As the bedrock of Kawasaki’s approach to WorldSBK, the Ninja ZX-10RR has been through many stages of development, first as simple ZX-10R and now with its RR status.
Homologated as a base machine for World Superbike racing, the ZX-10RR is the brainchild of KHI’s Yoshimoto Matsuda who specified such things as a modified cylinder head to suit high-lift racing camshafts, DLC (Diamond-Like Carbon) coated low friction tappets and reinforced high-rigidity crankcases.
Changing the core DNA of the Ninja from one season to the next to reflect factory development and also changes to the requirements of KRT and its riders, Matsuda has overseen many iterations of the ZX-10R concept. Now, with the 2018 ZX-10RR he and KRT face perhaps their greatest challenge yet.
As part of a plan to create parity between teams and manufacturers for 2018 the peak engine revs of many machines has been reduced. As winners three years in a row, Kawasaki find themselves in the unenviable position of being at the greatest disadvantage with over 1000rpm of peak revs denied to the rev hungry litre class Ninja.
Whilst not agreeing with the new regulations, Matsuda has vowed to keep the ZX-10RR competitive and, like fans around the world, would be delighted to see either Jonathan Rea or Tom Sykes take the championship at year end – especially in the face of such punitive adversity.
In historical terms, the ZX-10R reached a new career zenith in 2013 when Tom Sykes and the Kawasaki Racing Team won the SBK championship. During that year the Ninja ZX-10R was the bike to have in WorldSBK, achieving ten victories over fourteen hard fought rounds of racing. Season champion Sykes proved a multiple winner and teammate Loris Baz also mounted the top step of the podium on one occasion.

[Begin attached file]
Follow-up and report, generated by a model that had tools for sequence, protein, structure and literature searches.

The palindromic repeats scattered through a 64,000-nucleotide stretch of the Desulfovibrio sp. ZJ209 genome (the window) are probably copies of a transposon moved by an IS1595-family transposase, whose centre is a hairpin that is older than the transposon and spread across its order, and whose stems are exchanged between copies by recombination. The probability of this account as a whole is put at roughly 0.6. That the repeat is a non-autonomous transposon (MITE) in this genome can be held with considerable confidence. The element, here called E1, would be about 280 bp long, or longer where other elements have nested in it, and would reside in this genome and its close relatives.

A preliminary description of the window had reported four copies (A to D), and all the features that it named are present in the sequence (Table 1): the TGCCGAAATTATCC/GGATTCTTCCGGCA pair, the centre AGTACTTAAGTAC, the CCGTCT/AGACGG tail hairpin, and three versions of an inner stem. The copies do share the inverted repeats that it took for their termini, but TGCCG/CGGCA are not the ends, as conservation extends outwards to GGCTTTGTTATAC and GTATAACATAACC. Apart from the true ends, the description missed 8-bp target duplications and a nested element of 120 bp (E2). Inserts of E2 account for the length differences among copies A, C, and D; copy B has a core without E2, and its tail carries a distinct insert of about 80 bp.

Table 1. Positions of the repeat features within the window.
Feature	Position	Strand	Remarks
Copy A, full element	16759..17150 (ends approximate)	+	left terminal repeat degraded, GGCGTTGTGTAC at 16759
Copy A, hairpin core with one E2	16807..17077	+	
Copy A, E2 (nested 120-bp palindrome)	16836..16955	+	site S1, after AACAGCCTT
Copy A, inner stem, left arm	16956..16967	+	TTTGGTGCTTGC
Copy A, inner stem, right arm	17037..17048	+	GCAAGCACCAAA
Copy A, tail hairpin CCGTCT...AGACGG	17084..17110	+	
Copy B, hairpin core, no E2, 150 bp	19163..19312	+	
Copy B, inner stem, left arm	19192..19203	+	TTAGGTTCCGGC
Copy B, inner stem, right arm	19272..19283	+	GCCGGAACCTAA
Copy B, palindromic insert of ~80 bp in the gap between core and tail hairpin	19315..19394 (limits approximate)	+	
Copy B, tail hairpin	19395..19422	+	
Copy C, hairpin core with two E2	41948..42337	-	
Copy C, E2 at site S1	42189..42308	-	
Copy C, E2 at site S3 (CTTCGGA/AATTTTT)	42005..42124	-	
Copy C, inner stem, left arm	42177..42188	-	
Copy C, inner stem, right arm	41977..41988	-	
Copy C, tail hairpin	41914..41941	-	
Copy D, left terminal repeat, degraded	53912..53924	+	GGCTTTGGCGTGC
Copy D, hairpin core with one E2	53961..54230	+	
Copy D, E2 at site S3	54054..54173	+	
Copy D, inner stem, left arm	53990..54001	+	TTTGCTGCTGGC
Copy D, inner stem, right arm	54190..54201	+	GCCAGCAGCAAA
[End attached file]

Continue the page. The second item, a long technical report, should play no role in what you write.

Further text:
Come the 2014 season and the litre class Ninja placed Tom Sykes second in the SBK Riders’ championship, delivering eight race wins for the gritty Yorkshireman. In the Superstock 1000 FIM Cup the Ninja came close to winning the title also.
Rea’s championship win in 2015 delivered total domination and with the two official KRT machines inside the top three finishing places, the bike proved versatile in the extreme.
The 1-2 result in 2016 for Rea and Sykes on the all-new Ninja enhanced the reputation of the ZX-10R, while podium success also followed the path of the new bike into the Superstock 1000 FIM Cup class. Cut to 2017 and Rea delivered a stunning third championship in a row cementing his relationship with the mighty Ninja and securing his place among the Superbike elite.
It’s not going to be an easy ride by any means in 2018 but the combination of KHI plus Matsuda-san, the KRT coordinated effort and two of the best riders to ever swing a leg over a Superbike bodes well. Rea and Sykes are both capable of winning the championship as they have previously proved, the question for 2018 is maybe now when but who?